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States Look to Prisons for Ways to Save Money, Including Letting Some Inmates Go

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posted on Jan, 10 2009 @ 03:56 PM
Well, this is a step in the right direction, imo. Some of the inmates being considered for release are non-violent drug offenders. While I do not condone all drug use, there are some 'offenders' who should not clutter up our prisons.

NEW YORK — Their budgets in crisis, governors, legislators and prison officials across the nation are making or considering policy changes that will likely remove tens of thousands of offenders from prisons and parole supervision.

Collectively, the pending and proposed initiatives could add up to one of biggest shifts ever in corrections policy, putting into place cost-saving reforms that have struggled to win political support in the tough-on-crime climate of recent decades.
Virginia Gov. Tim Kaine is proposing early release of about 1,000 inmates. New York Gov. David Paterson wants early release for 1,600 inmates as well as an overhaul of the so-called Rockefeller Drug Laws that impose lengthy mandatory sentences on many nonviolent drug offenders.

"These laws have neither curbed drug use nor enhanced public safety," said Donna Lieberman of the New York Civil Liberties Union. "Instead, they have ruined thousands of lives and annually wasted millions of tax dollars in prison costs."

posted on Jan, 10 2009 @ 03:59 PM
reply to post by jsobecky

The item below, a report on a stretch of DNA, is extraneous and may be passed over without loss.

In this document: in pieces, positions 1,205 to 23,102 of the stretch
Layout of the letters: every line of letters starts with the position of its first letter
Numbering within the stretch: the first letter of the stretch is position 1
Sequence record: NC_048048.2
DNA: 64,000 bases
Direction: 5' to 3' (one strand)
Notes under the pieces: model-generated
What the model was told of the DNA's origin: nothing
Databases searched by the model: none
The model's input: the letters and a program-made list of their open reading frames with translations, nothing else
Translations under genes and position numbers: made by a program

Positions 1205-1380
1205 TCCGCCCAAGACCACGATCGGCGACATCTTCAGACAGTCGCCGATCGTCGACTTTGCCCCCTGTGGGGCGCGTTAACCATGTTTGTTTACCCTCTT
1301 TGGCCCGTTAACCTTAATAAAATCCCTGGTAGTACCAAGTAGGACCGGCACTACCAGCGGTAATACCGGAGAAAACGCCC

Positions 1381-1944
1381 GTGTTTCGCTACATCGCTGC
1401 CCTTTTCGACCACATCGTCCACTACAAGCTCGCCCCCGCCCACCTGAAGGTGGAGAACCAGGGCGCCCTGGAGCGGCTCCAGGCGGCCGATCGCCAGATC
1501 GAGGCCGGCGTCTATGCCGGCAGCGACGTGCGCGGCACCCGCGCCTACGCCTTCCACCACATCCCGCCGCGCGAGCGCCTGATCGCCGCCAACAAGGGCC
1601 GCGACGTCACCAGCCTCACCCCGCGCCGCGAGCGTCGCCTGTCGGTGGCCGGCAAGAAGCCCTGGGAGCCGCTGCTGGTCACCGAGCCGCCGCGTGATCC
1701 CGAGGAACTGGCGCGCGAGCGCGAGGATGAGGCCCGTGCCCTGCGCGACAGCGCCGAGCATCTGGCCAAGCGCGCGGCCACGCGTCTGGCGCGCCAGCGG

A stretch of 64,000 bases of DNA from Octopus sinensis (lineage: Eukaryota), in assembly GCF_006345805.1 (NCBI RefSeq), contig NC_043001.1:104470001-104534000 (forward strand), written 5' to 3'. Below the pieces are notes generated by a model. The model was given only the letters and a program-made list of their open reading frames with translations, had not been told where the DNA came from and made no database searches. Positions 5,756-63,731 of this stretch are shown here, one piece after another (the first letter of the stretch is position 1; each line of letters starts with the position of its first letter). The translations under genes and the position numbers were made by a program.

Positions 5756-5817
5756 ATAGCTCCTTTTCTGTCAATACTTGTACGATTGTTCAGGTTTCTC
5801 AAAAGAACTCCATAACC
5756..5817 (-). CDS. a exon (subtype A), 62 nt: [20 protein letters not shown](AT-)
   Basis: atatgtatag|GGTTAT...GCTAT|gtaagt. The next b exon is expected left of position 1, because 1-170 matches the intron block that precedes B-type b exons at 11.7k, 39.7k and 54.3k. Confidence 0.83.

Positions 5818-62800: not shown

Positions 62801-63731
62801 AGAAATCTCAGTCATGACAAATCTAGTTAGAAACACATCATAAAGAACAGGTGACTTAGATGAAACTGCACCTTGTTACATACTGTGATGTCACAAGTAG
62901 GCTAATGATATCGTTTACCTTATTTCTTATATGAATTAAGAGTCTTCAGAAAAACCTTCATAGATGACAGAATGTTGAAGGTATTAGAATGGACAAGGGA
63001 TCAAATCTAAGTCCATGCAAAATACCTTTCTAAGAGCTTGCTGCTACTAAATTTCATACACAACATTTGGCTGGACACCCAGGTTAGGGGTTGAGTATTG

I can understand letting the non-violent offenders go. Like the people in for pot.

posted on Jan, 10 2009 @ 04:09 PM
Well, hopefully this will help us go in the right direction. Just slapthe drugges with some fines and let em go I say. Generate some more money that way and help the government(s) get out of debt.

posted on Jan, 10 2009 @ 04:10 PM
Yeah most definetly. Letting the pot dealers and smokers out is definetly i step in the right direction, most of those people have done nothing to harm anybody, all they've done is sell a plant.

Anyway thats another thread. Good job NY.

posted on Jan, 10 2009 @ 04:27 PM
I am also in favor of this.

As long as they are not a threat to society, they should be out.

Hopefully, this will catch on and all states will ad head to this.

posted on Jan, 10 2009 @ 04:58 PM
i dont trust the article

because the funding of a correctional facility is based on HEAD COUNT

less head count = less funds

more head count = more funds

i dont see how letting people go is profitable?

well, at least thats how things work where im from...

ya you could "save" taxpayer money by letting all the potheads go but...someones gonna lose ALOT of profits!

so i dont see how its possible? unless the govt said "we cant give you more $$$ even if you have high headcounts"

then it would make sense

[edit on 10-1-2009 by muzzleflash]

posted on Jan, 10 2009 @ 05:01 PM
Its actually fairly expensive to feed and clothe all the inmates I imagine. But I believe you are right the higher head count = more money. I know a lot of places around here require the inmate to pay for his time. I would assume space would be more of an issue for releasing prisoners rather than money.

posted on Jan, 10 2009 @ 05:31 PM
Prisoners should pay some money... It costs over a million dollars to feed, clothe, and provide shelter, heat, air conditioning, for an inmate. For one year.

I wish I got a million dollars a year.

posted on Jan, 10 2009 @ 06:40 PM
reply to post by muzzleflash

State prisons are not profit-making ventures. The state has to pay for the prisoners upkeep, so you're taking from one hand and giving it to the other hand. And losing money in the process because of admin costs.

reply to post by ravenshadow13

I think your figures are inflated.

The average annual operating cost
per State inmate in 2001 was $22,650,
or $62.05 per day. Among facilities
operated by the Federal Bureau
of Prisons, it was $22,632 per inmate,
or $62.01 per day.

Dated, but not far off.

[edit on 10-1-2009 by jsobecky]

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